Flying squirrels may not really fly, but they do have flaps of skin on their bodies that act like parachutes and help them glide through the air.

Todd Wilson with a pretty, tri-color shepherd or collie puppy.
Todd Wilson and his puppy

My friend Todd Wilson told me all about it. He’s a wildlife biologist with the U.S. Forest Service in Oregon and graduate of Washington State University who researches Pacific Northwest ecosystems and the animals that call them home— including flying squirrels.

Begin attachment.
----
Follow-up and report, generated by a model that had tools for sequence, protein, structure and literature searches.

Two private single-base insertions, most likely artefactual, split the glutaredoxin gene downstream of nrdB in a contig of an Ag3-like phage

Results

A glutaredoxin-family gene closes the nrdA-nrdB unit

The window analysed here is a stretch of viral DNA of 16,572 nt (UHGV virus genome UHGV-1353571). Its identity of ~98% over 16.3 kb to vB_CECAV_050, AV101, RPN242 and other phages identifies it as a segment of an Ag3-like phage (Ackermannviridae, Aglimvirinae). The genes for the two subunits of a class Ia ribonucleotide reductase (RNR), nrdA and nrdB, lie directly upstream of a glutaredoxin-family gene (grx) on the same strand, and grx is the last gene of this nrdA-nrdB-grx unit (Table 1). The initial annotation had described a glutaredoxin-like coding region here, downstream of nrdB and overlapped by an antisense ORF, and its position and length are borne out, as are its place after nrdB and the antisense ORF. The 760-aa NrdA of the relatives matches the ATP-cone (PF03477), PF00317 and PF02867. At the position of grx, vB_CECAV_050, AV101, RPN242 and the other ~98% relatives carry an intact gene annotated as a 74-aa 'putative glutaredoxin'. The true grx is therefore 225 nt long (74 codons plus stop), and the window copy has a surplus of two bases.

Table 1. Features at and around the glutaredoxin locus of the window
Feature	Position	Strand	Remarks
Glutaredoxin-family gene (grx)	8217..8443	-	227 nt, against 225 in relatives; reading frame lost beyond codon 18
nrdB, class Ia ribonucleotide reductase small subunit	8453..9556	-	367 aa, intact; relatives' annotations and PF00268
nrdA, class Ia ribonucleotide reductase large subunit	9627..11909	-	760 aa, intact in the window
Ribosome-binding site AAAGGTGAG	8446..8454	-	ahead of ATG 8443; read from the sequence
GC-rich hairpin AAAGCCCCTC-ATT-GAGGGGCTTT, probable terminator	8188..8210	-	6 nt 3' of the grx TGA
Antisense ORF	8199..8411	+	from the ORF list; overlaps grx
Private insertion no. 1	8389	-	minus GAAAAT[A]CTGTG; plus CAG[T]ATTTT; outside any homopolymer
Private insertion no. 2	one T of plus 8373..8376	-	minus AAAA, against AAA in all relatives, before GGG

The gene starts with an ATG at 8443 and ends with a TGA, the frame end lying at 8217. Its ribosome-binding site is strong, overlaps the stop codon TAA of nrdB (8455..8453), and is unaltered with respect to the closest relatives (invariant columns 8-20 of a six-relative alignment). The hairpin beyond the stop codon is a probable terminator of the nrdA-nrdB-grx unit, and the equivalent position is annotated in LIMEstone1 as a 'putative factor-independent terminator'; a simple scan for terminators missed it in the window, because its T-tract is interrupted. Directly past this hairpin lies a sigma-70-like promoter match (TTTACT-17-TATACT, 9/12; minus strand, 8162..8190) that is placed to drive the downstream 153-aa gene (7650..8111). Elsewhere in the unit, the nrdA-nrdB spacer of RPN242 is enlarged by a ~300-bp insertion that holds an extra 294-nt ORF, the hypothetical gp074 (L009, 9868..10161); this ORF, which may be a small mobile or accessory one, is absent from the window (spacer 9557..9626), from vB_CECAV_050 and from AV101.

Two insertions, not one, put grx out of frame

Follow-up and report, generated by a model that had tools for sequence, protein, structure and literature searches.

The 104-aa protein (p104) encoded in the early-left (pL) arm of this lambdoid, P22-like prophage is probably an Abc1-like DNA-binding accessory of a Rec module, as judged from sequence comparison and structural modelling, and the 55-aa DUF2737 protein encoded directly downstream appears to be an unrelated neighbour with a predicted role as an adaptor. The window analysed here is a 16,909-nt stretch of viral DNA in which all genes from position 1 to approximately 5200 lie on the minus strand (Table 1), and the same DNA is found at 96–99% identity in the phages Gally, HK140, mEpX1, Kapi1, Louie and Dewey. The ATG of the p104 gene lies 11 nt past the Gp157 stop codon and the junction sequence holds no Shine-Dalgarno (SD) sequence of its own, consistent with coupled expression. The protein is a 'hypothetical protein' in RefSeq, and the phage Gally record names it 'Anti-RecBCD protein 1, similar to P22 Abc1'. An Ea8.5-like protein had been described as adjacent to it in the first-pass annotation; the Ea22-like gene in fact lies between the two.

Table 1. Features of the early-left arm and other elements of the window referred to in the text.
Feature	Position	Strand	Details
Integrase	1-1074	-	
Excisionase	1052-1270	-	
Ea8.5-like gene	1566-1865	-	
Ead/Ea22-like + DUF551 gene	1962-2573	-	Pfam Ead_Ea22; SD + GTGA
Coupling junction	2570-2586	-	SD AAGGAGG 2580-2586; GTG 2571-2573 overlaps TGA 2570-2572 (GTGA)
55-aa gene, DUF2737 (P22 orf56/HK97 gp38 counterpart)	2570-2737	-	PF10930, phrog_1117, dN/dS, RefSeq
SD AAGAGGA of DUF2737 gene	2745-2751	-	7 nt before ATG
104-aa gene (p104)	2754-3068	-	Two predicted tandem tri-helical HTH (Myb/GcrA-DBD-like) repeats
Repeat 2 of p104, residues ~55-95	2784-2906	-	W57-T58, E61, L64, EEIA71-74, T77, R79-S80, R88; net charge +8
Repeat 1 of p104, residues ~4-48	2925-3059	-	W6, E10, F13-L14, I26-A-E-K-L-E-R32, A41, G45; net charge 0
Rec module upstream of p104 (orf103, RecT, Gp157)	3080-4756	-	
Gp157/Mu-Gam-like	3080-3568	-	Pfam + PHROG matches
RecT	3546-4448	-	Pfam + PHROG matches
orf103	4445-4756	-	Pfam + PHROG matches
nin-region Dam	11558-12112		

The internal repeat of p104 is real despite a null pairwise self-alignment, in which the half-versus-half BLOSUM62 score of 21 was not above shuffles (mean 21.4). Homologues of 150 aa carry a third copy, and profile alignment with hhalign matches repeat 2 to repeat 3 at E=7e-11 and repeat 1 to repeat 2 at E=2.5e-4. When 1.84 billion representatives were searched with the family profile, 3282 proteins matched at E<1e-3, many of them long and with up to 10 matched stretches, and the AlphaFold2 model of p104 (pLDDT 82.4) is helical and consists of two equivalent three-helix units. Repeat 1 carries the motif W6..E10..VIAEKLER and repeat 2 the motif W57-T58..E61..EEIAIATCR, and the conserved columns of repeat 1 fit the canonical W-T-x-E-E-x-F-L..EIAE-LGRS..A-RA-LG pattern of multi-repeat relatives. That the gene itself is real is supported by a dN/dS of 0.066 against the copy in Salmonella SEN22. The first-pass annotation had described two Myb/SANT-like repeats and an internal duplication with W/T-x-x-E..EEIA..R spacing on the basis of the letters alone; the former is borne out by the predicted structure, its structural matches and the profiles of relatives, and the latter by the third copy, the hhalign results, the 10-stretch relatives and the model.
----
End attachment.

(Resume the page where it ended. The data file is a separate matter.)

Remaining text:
When flying squirrels are trying to avoid predators, like weasels, sometimes they will run to the top of a tree. The weasel might think the flying squirrel has nowhere else to run. That’s when the flying squirrel makes its move.

“The flying squirrel can just take off and glide,” Wilson said. “When they launch themselves from a tree, they can actually go quite a ways out, but they’re not actually flying.”

Of all the thousands of mammal species on our planets, bats are the only mammals that can truly fly.

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